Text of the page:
Coral bleaching spread across the southern Great Barrier Reef in January 2006, after sea temperatures reached climatological summer maxima 2 months before normal. Current satellite-derived warning systems were unable to detect severe bleaching conditions in the region because of their use of a constant thermal threshold (summer maximum monthly mean) and low spatial resolution (50 km). Here it is shown that such problems can be ameliorated if the thermal threshold is adjusted for seasonal variation and a 4-km spatial resolution is used. We develop a seasonally and spatially improved thermal threshold for coral bleaching on the basis of a weekly climatology of sea surface temperatures extending from austral spring to late summer, and apply the method to two case-study sites. At both sites, and in particular at the nearshore site that was undetected by the 50-km satellite product, the seasonally adjusted thermal threshold produced a greatly improved consistency between accumulated heating and bleaching severity. The application of thermal stress algorithms that reflect the long-term mean pattern in seasonal variation allows coral bleaching to be forecast with higher precision.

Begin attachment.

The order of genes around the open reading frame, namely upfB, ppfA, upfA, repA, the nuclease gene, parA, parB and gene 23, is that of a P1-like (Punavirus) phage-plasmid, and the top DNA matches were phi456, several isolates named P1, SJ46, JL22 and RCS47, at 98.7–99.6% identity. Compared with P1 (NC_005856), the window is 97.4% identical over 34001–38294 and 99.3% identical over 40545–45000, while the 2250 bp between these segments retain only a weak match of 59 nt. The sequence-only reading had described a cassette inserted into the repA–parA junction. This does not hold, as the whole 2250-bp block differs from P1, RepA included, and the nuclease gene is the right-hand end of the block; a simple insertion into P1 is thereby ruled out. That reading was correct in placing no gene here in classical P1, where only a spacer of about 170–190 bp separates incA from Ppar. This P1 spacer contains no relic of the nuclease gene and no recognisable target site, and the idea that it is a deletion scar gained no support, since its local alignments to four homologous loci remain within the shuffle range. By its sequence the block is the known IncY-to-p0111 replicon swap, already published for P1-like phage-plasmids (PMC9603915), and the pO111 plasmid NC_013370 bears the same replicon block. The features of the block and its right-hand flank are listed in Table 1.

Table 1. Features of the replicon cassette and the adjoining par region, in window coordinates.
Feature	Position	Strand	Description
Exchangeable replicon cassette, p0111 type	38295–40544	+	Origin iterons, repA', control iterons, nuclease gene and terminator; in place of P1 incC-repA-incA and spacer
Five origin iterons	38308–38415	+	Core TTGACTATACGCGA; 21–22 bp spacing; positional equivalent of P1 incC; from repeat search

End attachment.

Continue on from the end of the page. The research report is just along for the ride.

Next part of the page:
ASJC Scopus subject areas
- Aquatic Science